Former Wirecard board member Jan Marsalek, who was sought by an arrest warrant, apparently wants to face himself – and hopes that this will bring advantages.
Like his former boss Markus Braun, Jan Marsalek is also hoping for exemption from prison. As the "Suddeutsche Zeitung" reports, citing "connoisseurs" of the Munich investigation, Marsalek intends to face the Munich I public prosecutor at the beginning of next week.
His plan is to be spared from pre-trial detention in return for bail and further conditions. Marsalek was considered a close confidante of the fallen Markus Braun by the payment processor Wirecard.
Most recently it was suspected that Marsalek could be in the Philippines. The Philippine immigration authority is looking for the former Wirecard board member, as Justice Minister Menardo Guevarra said.
Further course information on Wirecard
Marsalek was in the Philippine capital on March 3 and left two days later. "There is some evidence, however, that he returned recently and may still be there," Guevarra said. The Philippines do not have an extradition agreement with Germany.
Right hand by Braun
Marsalek was at Wirecard as the right hand of the ousted CEO Markus Braun and one of the founding fathers of the former startup. He was suspended last week and then released on Monday. The manager was responsible for day-to-day business as Chief Operating Officer (COO) for many years and was one of those responsible for business in Asia.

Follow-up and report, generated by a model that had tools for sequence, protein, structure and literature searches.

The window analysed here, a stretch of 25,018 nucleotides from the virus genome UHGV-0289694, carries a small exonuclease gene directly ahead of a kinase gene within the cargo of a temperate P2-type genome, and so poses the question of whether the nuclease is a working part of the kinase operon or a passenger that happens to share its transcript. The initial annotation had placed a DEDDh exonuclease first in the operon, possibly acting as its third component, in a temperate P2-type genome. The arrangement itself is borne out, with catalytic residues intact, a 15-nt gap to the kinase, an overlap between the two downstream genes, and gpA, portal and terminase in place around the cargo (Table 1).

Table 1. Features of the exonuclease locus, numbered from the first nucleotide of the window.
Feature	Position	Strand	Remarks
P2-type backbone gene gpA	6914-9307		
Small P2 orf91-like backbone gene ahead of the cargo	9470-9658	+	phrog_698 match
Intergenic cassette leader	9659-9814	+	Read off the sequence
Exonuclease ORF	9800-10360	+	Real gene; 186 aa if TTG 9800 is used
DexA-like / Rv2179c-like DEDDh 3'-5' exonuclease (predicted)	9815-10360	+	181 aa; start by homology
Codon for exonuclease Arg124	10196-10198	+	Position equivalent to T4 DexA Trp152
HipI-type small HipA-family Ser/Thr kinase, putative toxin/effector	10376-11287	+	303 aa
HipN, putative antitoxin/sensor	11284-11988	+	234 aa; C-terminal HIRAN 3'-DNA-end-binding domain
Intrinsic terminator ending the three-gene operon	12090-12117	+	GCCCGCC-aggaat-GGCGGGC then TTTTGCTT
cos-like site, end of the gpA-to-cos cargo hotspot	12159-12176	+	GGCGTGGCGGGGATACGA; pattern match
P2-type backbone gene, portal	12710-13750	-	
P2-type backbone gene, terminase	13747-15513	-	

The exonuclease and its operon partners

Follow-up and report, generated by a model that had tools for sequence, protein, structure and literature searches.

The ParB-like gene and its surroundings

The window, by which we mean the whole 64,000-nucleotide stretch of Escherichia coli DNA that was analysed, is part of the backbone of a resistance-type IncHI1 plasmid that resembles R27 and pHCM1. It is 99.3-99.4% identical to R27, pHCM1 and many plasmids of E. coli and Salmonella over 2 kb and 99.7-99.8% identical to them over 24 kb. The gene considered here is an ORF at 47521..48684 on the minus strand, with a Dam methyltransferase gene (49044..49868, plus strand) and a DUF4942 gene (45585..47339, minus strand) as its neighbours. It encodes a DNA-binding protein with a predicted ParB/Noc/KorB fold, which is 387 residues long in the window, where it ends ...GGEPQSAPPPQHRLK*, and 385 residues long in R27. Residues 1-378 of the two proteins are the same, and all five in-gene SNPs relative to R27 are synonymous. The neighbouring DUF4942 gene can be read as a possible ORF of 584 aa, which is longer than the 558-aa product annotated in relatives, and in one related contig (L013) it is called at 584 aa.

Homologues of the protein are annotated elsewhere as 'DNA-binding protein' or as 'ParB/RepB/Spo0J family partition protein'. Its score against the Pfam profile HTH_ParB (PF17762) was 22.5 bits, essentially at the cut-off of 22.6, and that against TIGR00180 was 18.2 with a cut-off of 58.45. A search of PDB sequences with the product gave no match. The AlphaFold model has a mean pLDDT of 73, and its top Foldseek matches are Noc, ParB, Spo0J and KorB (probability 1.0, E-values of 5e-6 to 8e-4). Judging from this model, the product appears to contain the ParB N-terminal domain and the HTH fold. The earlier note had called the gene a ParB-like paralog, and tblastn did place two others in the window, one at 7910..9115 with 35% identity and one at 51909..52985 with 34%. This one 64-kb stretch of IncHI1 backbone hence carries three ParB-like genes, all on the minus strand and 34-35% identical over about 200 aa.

The Philippines play a central role in the accounting scandal. Wirecard admitted on Monday that 1.9 billion euros, which should be booked in escrow accounts in the Philippines, very probably do not exist. The Philippine central bank announced on Sunday that the missing funds had not flowed into the country’s financial system.
Singapore police are also investigating
Guevarra had instructed the National Bureau of Investigation (NBI) to work with the AMLC Anti-Money Laundering Council to investigate the case. "NBI and AMLC will work together if there is evidence of money laundering," he said.
Meanwhile, the Singapore police are still investigating Wirecard. She has not yet completed her investigation against a key figure, which has been ongoing for over a year. It’s about the manager Edo Kurniawan, the former head of accounting at Wirecard in the Southeast Asian island nation. Kurniawan left the company in April 2019 after a first investigation report commissioned by Wirecard found financial irregularities. The "Financial Times" reported in detail, citing insiders, and was accused of defamation by the company.